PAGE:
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A suburban Denver baker who refused to make a wedding cake for a gay couple will argue in court Tuesday that his religious beliefs should protect him from sanctions against his business.

The case underscores how the already simmering tension between religious-freedom advocates and gay-rights supporters is likely to become more heated in the aftermath of the U.S. Supreme Court's landmark ruling last month legalizing same-sex marriage nationwide.

"What the relationship is between that reality and sort of what that will mean for things like service provisions is where I think the battles will really be fought now," said Melissa Hart, a law professor at the University of Colorado.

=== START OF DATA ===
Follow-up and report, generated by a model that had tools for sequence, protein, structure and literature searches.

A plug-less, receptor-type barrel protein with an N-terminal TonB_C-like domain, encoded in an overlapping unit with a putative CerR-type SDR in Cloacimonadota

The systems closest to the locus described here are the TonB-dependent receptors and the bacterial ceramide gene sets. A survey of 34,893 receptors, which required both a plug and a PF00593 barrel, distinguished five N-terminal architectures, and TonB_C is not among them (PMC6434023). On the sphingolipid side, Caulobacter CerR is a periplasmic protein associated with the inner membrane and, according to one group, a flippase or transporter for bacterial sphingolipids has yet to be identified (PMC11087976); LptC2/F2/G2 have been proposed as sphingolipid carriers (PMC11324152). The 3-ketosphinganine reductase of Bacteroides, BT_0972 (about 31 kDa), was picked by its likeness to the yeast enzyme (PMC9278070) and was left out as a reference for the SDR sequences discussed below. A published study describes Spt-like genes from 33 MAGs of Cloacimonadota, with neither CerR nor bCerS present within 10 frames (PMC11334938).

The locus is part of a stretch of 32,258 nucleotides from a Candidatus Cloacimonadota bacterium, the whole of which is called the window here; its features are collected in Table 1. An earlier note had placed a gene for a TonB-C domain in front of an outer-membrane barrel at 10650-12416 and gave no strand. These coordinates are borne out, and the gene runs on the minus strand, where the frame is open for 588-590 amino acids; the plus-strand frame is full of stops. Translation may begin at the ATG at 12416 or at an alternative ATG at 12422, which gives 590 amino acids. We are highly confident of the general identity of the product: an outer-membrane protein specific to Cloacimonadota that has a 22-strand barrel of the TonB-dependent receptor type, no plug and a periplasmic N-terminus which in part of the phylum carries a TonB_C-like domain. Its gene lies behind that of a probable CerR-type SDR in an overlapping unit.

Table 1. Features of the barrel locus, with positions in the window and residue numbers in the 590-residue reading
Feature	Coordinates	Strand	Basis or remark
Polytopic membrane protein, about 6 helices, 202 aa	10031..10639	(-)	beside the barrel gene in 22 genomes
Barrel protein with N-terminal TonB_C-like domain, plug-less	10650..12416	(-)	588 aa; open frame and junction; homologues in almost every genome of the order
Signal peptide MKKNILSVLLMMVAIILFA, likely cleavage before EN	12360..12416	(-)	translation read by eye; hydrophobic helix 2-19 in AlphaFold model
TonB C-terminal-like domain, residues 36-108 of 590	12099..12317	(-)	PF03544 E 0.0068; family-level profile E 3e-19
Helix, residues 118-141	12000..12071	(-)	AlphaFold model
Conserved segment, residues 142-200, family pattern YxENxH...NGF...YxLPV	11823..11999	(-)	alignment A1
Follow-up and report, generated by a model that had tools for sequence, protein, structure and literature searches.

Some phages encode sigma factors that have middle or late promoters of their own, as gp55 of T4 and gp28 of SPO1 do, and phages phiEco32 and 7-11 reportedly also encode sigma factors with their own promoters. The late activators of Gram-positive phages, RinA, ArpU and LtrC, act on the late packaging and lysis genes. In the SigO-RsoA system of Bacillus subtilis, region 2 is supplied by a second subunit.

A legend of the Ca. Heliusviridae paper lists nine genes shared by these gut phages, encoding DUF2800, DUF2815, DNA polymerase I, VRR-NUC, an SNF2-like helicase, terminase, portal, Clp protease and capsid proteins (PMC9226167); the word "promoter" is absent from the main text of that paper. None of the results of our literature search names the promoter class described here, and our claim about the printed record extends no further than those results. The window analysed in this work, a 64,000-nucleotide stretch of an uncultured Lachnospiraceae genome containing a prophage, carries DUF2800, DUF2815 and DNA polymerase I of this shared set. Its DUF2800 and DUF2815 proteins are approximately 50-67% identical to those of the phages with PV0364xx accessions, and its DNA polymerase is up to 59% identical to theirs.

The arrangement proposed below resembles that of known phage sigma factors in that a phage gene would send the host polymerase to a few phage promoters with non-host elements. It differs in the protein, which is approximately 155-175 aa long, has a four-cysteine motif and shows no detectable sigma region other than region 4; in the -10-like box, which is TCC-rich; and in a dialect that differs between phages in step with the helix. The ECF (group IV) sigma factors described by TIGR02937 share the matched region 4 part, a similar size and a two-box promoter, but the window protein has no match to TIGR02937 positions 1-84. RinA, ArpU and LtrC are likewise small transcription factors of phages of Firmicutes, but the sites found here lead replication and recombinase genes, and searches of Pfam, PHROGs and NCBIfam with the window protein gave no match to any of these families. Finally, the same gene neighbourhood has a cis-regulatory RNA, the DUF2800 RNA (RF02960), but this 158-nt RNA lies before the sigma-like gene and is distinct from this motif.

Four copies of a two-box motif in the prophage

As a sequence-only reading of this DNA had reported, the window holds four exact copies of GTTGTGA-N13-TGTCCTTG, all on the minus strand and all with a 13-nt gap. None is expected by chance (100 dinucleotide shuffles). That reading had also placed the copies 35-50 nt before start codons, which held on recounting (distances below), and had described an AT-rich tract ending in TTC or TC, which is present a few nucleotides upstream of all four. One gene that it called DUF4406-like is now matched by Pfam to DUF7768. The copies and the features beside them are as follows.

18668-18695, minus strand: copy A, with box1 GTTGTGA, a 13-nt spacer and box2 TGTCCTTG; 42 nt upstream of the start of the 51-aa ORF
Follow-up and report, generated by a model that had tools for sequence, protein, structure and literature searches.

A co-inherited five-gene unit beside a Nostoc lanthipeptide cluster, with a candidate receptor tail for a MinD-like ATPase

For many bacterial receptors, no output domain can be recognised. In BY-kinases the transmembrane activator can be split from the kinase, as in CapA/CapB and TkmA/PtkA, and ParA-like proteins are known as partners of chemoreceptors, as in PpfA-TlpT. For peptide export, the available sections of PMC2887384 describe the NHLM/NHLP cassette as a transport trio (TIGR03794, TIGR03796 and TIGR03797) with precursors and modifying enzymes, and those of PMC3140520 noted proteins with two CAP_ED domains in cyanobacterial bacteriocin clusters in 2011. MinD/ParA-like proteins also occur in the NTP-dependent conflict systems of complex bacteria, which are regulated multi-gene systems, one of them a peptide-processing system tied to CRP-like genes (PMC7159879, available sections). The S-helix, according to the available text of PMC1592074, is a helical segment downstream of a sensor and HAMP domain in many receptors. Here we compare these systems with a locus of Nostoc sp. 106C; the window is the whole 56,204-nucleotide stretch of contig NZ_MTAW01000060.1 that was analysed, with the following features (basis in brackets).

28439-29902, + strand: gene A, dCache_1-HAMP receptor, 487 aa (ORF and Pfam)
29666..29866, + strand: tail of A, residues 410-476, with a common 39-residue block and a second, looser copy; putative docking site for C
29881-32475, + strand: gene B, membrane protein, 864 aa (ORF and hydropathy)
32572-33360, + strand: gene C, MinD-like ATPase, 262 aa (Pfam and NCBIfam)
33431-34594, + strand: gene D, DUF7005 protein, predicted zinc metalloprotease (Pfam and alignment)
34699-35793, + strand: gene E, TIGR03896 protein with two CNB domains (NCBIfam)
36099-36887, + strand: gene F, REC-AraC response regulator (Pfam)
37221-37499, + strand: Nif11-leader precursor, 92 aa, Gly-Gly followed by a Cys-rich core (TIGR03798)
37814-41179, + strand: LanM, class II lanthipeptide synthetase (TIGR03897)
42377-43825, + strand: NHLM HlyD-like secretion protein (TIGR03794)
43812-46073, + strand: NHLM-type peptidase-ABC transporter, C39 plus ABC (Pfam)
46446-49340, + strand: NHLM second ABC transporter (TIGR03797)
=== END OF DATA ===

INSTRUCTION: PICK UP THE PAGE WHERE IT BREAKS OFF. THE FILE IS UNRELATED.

The 2012 case before the Colorado Court of Appeals has ignited a passionate debate over whether individuals can cite their beliefs as a basis for declining to participate in a same-sex wedding ceremony or if such refusals on religious grounds can lead to discrimination allegations.

Gay couples have won battles in other states.

Last week, the owners of a Portland, Oregon-area bakery that declined to make a wedding cake for a gay couple two years ago were ordered to pay $135,000 in damages. Two years ago, the New Mexico Supreme Court ruled that a photographer who wouldn't take pictures of a gay couple's 2006 commitment ceremony violated the state's discrimination law.



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